Providence Creek Headwater Catchments (1660 - 2115 m elevation)

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The most intensively studied research area of the Southern Sierra Critical Zone Observatory is the Providence Creek headwaters area, located along a tributary to the North Fork of the Kings River in the Sierra National Forest. Most of the long-term observations by SSCZO are located at this site. The P300 area includes forested hillslopes, some glacial erratics and areas of exposed bedrock, multiple meadows, and creeks draining the catchment.

4.6 km2   Area

Critical Zone Tree 1 at P301 within the Providence Creek Headwater Catchments field area. © Southern Sierra Critical Zone Observatory

Areas within Providence Creek Headwater Catchments (1660 - 2115 m elevation)

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Setting & Research
Overview Maps
Dynamic Map
Data
Photos
  • Setting & Research

    This site is part of an elevational transect that increases in altitude from west to east.

    Sites include San Joaquin Experimental Range, Soaproot Saddle, Providence Creek Headwater Catchments, and Short Hair Creek, spanning a 2300-m elevation range that captures gradients in climate, regolith, soils, and vegetation. Along this transect, bedrock lithology is generally constant (intrusive felsic plutons). Ecosystems range from low-elevation oak savannah (rain-dominated) to high-elevation subalpine forest (snow-dominated). A series of eddy-covariance gas flux towers are installed at these sites (see below). Examples of transect-length work include soil and regolith depth, chemistry, and moisture characterizations; vegetation surveys; forest water-balance research; and wind-blown dust geochemistry and microbiology studies.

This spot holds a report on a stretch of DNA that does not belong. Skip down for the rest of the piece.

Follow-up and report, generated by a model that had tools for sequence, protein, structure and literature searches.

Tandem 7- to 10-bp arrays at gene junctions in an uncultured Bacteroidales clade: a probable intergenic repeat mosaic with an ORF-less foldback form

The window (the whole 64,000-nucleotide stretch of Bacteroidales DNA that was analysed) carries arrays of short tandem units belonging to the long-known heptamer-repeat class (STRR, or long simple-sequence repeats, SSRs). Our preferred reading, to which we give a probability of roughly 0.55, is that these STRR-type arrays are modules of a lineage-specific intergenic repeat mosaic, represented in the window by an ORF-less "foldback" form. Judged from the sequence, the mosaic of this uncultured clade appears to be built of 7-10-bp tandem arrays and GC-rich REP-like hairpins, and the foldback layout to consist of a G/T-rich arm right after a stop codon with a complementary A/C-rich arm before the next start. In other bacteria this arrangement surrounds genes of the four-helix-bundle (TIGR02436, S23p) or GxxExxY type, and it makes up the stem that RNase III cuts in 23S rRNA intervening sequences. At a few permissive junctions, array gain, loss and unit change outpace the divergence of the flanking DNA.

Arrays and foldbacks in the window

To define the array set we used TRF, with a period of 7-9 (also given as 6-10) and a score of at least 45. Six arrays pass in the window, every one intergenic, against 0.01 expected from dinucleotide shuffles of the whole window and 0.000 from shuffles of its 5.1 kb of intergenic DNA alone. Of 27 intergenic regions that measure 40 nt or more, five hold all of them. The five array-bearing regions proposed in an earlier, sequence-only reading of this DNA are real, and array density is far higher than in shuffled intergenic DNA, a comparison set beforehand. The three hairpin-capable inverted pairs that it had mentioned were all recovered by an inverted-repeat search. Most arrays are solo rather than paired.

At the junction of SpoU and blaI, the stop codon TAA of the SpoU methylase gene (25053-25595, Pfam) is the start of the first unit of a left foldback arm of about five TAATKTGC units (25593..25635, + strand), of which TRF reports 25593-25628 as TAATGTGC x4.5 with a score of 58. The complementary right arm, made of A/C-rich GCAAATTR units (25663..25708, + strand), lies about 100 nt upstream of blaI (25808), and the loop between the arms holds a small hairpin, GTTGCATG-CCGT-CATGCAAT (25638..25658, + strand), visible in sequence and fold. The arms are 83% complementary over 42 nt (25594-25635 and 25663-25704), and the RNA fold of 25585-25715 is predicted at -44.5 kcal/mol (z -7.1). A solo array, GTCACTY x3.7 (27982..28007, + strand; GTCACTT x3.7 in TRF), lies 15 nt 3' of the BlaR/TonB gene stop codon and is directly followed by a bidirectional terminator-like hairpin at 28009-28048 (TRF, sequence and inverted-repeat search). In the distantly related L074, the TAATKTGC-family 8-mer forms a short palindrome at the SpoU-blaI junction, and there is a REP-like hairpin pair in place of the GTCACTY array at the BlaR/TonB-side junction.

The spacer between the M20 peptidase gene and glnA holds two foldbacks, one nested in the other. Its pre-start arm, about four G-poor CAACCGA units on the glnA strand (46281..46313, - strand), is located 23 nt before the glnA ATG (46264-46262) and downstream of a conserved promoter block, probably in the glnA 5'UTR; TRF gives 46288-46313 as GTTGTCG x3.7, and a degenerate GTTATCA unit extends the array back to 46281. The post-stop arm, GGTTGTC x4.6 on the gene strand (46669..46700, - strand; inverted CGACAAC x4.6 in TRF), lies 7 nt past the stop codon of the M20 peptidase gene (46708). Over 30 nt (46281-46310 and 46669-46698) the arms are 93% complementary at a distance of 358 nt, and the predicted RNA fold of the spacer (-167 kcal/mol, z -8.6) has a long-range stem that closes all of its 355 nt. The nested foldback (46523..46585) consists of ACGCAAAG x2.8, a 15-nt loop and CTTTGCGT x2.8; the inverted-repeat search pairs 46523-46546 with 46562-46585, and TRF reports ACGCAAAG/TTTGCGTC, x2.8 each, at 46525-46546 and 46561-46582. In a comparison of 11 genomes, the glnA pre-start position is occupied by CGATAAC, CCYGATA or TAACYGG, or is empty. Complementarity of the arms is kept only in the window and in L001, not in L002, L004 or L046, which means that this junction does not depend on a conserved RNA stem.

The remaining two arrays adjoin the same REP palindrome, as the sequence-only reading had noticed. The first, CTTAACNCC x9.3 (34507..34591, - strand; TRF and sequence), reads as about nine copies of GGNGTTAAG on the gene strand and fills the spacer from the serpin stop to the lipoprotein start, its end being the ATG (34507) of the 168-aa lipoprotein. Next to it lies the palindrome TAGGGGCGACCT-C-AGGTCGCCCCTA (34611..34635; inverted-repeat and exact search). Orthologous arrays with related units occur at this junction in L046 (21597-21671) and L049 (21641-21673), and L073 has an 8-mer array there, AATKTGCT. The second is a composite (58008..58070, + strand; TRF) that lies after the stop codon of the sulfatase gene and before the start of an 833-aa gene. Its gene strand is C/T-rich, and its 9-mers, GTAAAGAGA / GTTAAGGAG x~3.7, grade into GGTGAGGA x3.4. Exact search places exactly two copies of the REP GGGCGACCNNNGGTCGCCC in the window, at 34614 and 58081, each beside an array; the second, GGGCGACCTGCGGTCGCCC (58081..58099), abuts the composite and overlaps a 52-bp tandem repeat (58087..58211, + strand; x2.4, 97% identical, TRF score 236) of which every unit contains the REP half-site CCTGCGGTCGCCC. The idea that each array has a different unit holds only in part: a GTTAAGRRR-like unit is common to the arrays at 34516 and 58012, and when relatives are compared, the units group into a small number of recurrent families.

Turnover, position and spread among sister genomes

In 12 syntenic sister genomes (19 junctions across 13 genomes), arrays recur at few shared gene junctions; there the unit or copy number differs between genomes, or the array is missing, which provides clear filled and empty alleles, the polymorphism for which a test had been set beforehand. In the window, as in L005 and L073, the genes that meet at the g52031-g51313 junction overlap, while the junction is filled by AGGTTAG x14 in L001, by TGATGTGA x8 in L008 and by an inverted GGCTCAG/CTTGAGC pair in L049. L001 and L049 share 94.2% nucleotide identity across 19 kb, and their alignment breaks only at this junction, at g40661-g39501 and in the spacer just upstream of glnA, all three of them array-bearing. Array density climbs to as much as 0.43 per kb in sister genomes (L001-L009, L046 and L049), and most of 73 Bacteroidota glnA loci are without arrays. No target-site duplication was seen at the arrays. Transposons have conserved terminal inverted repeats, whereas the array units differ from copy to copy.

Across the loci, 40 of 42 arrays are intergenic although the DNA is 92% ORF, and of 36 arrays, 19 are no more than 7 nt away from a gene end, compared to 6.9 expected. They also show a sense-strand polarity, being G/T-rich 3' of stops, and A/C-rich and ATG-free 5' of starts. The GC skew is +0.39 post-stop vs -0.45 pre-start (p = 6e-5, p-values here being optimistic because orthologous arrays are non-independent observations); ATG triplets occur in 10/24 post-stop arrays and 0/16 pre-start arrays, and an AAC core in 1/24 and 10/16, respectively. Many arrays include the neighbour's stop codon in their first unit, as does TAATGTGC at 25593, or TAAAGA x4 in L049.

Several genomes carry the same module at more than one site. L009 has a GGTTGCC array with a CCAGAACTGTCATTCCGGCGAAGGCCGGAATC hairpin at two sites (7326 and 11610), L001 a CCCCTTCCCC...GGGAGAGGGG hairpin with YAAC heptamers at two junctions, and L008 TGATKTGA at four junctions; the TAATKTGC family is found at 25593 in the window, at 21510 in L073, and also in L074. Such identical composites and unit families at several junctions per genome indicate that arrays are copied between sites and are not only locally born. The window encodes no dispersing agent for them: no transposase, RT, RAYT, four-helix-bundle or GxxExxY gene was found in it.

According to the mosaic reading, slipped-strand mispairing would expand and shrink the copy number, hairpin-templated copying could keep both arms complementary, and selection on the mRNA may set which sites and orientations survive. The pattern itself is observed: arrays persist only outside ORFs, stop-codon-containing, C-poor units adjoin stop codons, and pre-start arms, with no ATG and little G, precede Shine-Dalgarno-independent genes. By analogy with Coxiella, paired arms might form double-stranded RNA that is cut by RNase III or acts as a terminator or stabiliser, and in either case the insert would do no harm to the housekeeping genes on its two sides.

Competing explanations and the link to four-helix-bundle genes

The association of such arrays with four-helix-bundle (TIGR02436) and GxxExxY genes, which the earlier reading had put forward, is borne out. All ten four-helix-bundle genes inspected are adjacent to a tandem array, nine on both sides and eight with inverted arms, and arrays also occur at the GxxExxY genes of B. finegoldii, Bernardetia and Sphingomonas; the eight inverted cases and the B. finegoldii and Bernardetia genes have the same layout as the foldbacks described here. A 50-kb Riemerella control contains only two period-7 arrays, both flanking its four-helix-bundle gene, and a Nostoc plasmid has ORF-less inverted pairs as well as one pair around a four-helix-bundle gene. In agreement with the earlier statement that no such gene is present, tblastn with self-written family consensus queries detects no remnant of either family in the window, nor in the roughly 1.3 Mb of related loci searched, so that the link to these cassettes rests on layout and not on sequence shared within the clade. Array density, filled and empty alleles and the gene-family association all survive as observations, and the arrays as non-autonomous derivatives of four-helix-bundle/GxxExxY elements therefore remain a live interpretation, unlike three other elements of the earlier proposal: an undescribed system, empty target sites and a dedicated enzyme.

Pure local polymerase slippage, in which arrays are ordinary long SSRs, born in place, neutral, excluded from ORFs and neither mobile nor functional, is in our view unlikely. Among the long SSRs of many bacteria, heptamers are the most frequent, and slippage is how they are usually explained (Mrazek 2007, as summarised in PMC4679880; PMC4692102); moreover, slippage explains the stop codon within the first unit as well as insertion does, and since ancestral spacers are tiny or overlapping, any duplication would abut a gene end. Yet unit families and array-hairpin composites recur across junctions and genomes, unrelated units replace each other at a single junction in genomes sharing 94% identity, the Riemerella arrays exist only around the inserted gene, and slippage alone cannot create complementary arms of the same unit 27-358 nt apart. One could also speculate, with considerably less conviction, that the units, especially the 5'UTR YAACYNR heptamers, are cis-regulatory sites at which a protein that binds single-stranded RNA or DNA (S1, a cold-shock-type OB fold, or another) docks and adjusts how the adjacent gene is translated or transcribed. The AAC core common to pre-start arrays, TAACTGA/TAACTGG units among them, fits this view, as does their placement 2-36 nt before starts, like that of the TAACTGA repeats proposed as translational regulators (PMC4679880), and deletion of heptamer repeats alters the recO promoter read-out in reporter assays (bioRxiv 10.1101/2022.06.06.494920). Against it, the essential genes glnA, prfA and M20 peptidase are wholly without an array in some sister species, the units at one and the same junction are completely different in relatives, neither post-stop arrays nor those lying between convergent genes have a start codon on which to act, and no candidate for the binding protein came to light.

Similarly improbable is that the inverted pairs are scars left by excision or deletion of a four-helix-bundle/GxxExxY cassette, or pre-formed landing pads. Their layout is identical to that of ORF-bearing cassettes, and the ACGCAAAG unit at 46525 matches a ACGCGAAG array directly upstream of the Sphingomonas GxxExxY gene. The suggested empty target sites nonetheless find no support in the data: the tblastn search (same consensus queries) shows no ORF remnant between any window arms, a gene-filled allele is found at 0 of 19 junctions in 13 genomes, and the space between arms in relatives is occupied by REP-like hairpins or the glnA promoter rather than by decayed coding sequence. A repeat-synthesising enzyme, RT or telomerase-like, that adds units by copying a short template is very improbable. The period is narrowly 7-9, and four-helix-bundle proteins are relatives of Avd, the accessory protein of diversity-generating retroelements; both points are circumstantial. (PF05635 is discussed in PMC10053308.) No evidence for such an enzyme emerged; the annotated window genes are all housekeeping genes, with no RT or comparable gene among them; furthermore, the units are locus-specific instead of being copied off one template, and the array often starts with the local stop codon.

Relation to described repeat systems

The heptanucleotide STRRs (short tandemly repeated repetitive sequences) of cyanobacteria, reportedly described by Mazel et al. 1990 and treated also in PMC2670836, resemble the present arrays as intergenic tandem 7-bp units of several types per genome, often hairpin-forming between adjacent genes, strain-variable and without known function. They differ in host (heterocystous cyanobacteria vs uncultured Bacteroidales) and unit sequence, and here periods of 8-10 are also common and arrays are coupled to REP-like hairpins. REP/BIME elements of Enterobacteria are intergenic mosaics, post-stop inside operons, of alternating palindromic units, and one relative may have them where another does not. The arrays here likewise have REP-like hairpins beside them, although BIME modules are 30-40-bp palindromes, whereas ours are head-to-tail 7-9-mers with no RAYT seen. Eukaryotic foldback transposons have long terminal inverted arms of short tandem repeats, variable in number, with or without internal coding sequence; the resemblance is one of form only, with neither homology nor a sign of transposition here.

SSCZO & KREW

    The Providence Creek Headwater Catchments are part of the Kings River Experimental Watersheds (KREW) program which is run by scientists from the USDA Forest Service Pacific Southwest Research Station. Sub-catchments of Providence Creek have undergone various management treatments and KREW is studying the effects of these treatments such as impacts on sediment production, stream water quantity and quality, and forest health. Providence is the primary SSCZO--KREW research area. For an overview of SSCZO and KREW measurement programs, see O'Geen et al. (2018).


    Climate, Landscape, Soils, Vegetation

    From O'Geen et al., 2018:

    Providence Creek Headwater Catchments represents a rain-snow mixed-conifer forest site. Mean Annual Temperature: 8°C. Mean Annual Precipitation: 1015 mm yr−1.

    Nested within the 4.6 km2 Providence Creek catchment (P300) are three subcatchments: P301, P303, and P304. Providence Creek is a tributary to the North Fork of the Kings River.

    Three main soil series are mapped in the Providence catchments: Gerle (coarse-loamy, mixed, superactive, frigid Humic Dystroxerepts) and Cagwin (mixed, frigid Dystric Xeropsamments) are found at higher elevations (1800–2400 m), and Shaver (coarse-loamy, mixed, superactive, mesic Humic Dystroxerepts) occurs at 1750 to 1900 m (Bales et al., 2011). Gerle and Cagwin have a frigid soil-temperature regime. Cagwin and Gerle series are classified as Dystric Xeropsamments and Humic Dystroxerepts, respectively. Cagwin tends to occur on erosive landscapes such as convex ridge tops, steep mountain slopes, and sparsely vegetated areas intermixed with rock outcrops. As a result, Cagwin is sandy with shallow and moderately deep phases and minimal horizon differentiation. Gerle series displays some initial stages of pedogenesis. It is very deep, well drained and formed in glacial till, glacial outwash, and alluvium derived primarily from granitic rocks. Shaver has a warmer (mesic) soil temperature regime compared with higher elevation sites. The profile shows initial stages of pedogenesis with sandy loam textures throughout and slight rubification and transformation of primary minerals.